Since humans first worked out how to write, we’ve used our skills to document the world around us. But for centuries, most of the information we wrote down was factual – think invoices, shopping lists, inventory, or political announcements.
One of the first people to think a little more creatively was Enheduanna. The priestess of the moon god Nanna (Sīn) in the Sumerian city-state of Ur, Enheduanna is thought to be the first named author in world history.
Born in 2285 BCE, Enheduanna was the daughter of Sargon of Akkad, the first ruler of the Akkadian Empire. Also known as Sargon the Great, he conquered a number of Sumerian city-states and is often considered to be the first person in recorded history to rule over an empire.
Dedicatory figurine of Ur III king (possibly Shulgi) from foundation deposit of temple of Inanna (c. 2094-2047 BC) by unknownRoyal Ontario Museum
Enheduanna was appointed by her father to be the high priestess of the moon god Nanna. This was a hugely important position at the time as it helped to cement ties between newly conquered Ur and the rest of the Akkadian Empire.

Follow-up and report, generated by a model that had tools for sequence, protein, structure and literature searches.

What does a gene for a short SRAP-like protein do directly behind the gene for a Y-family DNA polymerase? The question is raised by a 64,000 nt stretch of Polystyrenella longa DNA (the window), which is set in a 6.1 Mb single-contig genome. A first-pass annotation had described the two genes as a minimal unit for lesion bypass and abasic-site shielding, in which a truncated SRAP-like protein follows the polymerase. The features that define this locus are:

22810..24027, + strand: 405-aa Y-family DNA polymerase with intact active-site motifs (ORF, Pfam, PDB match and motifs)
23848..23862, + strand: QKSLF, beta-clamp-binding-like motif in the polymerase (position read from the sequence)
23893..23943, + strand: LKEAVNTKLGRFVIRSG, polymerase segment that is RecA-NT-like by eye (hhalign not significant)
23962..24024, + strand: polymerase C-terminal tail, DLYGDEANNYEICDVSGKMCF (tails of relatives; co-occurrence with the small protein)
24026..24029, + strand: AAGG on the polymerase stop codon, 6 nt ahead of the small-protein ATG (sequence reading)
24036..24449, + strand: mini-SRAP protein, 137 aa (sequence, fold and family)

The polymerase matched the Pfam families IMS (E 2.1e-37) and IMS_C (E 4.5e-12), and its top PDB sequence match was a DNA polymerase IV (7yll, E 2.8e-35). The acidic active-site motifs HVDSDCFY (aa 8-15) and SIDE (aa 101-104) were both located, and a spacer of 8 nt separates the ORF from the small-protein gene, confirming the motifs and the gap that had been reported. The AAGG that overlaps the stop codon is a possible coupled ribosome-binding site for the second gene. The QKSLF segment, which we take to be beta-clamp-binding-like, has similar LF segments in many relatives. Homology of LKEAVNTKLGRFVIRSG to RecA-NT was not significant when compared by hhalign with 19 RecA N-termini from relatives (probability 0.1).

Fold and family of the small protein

Most of Enheduanna’s compositions are dedicated to Inanna, an ancient Mesopotamian goddess of love, beauty, war, and fertility. One of her best known works is the 154-line Exaltation of Inanna, which has Enheduanna as a first person narrator.
Around 37 reconstructed temple hymns have also been attributed to Enheduanna. Each of these hymns is dedicated to a different deity from the Sumerian pantheon and the city with which the deity was associated. Most of these date to the Ur III and Old Babylonian periods.
As well as hymns, Enheduanna wrote forty-two poems reflecting her personal frustrations and hopes, her religious devotion, and feelings about the world she lived in. These texts offer a fascinating insight into her life and personality as well as wider Sumerian society.
While many people believe Enheduanna was the author of these works, some argue that there’s little evidence to support the claim. Most of the reconstructed tablets date from long after her death, with some not written down until centuries later.
Other experts, however, point to the fact that virtually no other works from the period have any type of attribution at all. Something that may mean Enheduanna was heavily involved in their composition, even if she wasn’t the sole author of the texts.
85199 (1970-09) by John OlsonLIFE Photo Collection